Aug 4, 2010

Shirley Sherrod
Remember when reporters use to do investigative journalism before they reported the story?  I sure miss those days.  Now we're just stuck with people trying to clean up the mess after the fact.  Now you want to do some investigative reporting...

WASHINGTON – As a racial firestorm erupted last month, the White House buzzed with questions and concerns about the forced ouster of a black Agriculture Department employee. But no one stepped in to stop Secretary Tom Vilsack from pressuring Shirley Sherrod to resign, a decision administration officials from President Barack Obama on down now say was a mistake.

Interviews with White House and Agriculture Department officials reveal a greater level of White House involvement in the incident than officials initially let on, with staff making calls to Capitol Hill and civil rights groups, and senior administration officials speaking to Vilsack. Most notably, White House staff expressed concerns early on that Sherrod's remarks about race in an edited video clip may have been taken out of context.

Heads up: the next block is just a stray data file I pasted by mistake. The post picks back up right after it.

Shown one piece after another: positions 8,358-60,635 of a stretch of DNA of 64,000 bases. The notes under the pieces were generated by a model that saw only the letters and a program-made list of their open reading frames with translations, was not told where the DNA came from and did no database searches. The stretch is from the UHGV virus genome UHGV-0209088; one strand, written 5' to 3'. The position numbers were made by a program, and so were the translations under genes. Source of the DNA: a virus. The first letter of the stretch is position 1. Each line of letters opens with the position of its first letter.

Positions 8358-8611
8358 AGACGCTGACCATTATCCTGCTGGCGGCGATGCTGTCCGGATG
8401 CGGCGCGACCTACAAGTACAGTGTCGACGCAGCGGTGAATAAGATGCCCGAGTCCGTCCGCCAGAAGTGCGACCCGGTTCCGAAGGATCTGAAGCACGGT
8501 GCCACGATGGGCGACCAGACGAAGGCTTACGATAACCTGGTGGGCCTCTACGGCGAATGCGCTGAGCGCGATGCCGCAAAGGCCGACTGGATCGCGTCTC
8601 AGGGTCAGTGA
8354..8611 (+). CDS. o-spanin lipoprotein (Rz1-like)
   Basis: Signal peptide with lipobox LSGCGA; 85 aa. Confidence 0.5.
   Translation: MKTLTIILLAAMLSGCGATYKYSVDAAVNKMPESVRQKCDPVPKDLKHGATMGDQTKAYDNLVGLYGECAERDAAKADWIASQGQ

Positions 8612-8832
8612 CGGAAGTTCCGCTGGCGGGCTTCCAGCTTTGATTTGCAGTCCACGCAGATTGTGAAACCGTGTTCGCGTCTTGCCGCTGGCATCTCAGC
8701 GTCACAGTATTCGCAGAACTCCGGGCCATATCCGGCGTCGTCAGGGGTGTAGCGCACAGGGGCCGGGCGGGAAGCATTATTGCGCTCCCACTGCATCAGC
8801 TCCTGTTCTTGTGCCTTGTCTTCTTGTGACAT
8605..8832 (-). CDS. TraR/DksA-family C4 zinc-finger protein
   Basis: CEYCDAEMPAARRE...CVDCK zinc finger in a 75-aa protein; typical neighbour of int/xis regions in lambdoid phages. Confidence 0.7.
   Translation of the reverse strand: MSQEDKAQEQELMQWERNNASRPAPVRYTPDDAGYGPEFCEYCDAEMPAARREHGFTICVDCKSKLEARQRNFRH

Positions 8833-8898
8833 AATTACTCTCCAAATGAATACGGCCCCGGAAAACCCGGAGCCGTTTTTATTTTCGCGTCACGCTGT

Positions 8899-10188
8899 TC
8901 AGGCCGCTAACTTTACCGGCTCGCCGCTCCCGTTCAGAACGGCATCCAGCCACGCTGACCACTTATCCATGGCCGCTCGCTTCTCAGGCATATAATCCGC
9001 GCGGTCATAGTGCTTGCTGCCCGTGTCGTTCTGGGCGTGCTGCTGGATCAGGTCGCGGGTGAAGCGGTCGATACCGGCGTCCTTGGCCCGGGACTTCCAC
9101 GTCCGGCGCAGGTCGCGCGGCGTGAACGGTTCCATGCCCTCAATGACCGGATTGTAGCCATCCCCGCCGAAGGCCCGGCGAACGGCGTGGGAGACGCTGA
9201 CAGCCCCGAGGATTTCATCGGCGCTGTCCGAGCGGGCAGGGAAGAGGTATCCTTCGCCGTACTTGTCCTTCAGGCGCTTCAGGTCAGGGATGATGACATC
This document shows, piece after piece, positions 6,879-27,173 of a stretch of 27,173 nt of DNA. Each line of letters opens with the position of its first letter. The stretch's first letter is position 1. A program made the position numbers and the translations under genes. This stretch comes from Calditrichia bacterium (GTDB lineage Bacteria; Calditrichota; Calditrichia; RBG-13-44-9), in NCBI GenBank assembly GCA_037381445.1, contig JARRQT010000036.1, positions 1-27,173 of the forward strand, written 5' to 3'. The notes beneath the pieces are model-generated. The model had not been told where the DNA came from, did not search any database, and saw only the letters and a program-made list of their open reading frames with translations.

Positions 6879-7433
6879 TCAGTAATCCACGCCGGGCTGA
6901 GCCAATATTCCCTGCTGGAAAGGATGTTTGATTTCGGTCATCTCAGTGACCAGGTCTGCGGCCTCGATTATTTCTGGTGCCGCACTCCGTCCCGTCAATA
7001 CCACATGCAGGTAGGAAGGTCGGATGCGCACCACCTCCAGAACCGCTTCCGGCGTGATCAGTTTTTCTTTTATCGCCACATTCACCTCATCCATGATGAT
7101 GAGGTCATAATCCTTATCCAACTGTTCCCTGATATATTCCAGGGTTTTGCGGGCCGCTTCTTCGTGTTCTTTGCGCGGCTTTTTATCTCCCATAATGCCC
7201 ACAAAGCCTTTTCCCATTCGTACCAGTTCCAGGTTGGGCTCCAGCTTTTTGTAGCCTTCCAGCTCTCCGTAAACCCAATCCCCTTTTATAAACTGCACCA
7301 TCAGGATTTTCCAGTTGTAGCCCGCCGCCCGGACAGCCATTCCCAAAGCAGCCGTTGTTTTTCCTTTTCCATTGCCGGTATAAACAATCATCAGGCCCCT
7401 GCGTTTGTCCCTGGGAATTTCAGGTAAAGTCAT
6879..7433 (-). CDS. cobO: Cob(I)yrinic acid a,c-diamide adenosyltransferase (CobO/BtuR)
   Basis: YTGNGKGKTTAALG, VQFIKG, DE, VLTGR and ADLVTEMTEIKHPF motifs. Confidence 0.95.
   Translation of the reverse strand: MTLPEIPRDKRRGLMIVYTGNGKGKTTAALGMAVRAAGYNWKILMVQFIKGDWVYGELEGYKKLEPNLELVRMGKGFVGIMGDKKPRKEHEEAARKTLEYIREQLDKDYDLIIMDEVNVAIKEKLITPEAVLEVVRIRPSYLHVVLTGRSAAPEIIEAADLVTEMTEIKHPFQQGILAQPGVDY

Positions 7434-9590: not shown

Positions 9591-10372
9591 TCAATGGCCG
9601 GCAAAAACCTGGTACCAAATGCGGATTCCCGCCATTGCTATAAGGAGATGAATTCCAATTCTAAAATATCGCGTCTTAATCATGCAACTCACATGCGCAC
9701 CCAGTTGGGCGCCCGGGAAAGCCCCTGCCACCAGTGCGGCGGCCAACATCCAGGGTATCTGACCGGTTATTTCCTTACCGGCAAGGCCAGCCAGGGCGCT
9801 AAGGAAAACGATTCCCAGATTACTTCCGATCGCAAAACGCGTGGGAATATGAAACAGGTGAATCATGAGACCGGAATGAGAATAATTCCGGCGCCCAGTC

Despite the concerns, a White House official said no one in the West Wing asked the Agriculture Department to hold off in seeking Sherrod's resignation until a full tape or transcript of her remarks could be found. The official said the White House didn't want to get involved in what it considered to be a USDA personnel matter.

The official insisted on speaking anonymously in order to reconstruct what happened in the 36-hour period between Sherrod's resignation and the Agriculture Department's decision to reconsider and offer her a new job.

A week before the controversy reached Washington, Sherrod started receiving e-mails from people who saw a clip of her remarks posted on two websites, and The heavily edited video showed Sherrod speaking about an incident that took place more than two decades ago in which, she said, she didn't help a white farmer as much as she could have.

Sherrod tried to alert Vilsack and Deputy Secretary Kathleen Merrigan, but the e-mail addresses she used were either outdated or rarely checked, a USDA official said, also speaking on the condition of anonymity to discuss the timeline of events. Another e-mail went to a midlevel staffer who didn't alert senior officials until the controversy peaked the following week.



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